|OLA||Nondependent||0.6 (0.3–0.9)||1.3 (0.7–1.8)||0.9 (0.5–3.9)||1.3 (0.7–1.8)||1.1 (0.8–1.3)|
|OLA+noisy||Nondependent||0.5 (0.3–2.3)||1.2 (0.6–2.0)||0.7 (0.5–1.0)||0.8 (0.7–1.1)||1.0 (1.0–1.3)|
PaO2/FiO2 was negatively correlated with the angular coefficients of the distribution of PBF along the caudal-cranial axis (r2 = 0.47, P < 0.001) and positively correlated with the angular coefficients of the distribution of PBF along the peripheral-central axis (r2 = 0.11, P = 0.045). Ers was negatively correlated with PaO2/FiO2 (r2 = 0.26, P = 0.002) and positively correlated with the mean gene-expression of amphiregulin as well as of mean protein levels of IL-6 and IL-8 in lung tissue (r2 = 0.13, P = 0.047; r2 = 0.19, P = 0.012; r2 = 0.26, P = 0.003). Pmean and Ppeak were correlated with the mean gene expression of TNC (r2 = 0.14, P = 0.035 and r2 = 0.12, P = 0.048, respectively).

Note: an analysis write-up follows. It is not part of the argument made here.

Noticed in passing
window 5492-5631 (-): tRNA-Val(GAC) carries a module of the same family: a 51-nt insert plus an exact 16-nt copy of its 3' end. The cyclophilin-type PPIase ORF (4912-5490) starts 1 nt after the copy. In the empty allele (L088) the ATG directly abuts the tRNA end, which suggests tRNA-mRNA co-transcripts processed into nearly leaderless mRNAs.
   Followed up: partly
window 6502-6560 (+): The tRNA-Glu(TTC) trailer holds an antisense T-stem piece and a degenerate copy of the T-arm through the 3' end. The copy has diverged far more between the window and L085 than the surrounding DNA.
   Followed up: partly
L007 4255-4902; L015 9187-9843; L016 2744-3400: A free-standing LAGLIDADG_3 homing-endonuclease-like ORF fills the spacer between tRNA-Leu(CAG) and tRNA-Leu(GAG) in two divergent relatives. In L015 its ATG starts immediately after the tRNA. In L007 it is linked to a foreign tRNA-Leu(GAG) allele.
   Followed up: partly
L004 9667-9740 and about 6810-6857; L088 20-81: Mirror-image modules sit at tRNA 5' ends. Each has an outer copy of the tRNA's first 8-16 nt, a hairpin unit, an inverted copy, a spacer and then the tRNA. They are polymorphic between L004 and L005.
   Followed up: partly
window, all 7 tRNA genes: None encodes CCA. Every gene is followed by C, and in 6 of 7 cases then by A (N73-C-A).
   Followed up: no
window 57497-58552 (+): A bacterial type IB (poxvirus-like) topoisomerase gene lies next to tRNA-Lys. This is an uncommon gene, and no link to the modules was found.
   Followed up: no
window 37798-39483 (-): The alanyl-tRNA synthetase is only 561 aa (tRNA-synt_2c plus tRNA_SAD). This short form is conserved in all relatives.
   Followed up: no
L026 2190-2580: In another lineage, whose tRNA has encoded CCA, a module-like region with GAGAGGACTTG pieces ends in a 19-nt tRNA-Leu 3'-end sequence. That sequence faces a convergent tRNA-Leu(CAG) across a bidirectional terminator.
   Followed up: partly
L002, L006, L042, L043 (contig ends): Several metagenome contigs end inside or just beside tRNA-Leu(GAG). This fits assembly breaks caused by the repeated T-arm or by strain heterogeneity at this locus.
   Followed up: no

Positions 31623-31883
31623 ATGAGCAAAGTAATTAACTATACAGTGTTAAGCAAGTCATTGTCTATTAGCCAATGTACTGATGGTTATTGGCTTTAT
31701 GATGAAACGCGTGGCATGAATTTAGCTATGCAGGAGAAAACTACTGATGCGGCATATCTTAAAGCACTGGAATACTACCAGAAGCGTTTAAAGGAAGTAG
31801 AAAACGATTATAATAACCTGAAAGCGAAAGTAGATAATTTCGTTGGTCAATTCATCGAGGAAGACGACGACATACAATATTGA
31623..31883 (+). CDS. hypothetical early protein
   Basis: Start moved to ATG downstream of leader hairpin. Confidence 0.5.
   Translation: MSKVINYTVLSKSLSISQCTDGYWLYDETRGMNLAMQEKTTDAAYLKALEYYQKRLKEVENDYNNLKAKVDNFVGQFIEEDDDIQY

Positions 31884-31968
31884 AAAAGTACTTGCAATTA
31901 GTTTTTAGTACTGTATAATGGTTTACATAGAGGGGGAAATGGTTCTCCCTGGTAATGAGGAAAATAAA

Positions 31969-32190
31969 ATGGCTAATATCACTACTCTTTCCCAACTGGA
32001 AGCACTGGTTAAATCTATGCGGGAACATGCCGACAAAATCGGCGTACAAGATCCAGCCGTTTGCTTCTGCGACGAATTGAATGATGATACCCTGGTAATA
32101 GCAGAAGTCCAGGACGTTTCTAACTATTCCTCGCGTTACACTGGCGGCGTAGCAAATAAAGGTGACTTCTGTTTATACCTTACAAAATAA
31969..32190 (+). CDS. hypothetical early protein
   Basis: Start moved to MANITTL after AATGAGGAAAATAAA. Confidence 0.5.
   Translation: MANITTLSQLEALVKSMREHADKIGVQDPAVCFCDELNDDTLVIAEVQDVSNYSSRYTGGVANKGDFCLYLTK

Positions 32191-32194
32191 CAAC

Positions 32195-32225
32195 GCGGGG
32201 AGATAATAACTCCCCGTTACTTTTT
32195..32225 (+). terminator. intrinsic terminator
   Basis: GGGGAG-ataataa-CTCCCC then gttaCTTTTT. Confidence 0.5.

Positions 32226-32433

In a surfactant depletion model of ALI, we found that noisy ventilation with variable Vt and fixed RF (1) improved arterial oxygenation and reduced mean Ppeak and Ers compared with ARDSnet and OLA, (2) redistributed PBF to caudal zones compared with ARDSnet and to peripheral ones compared with OLA, (3) reduced histological damage in comparison to both protective ventilation strategies, and (4) did not increase lung inflammation or mechanical stress.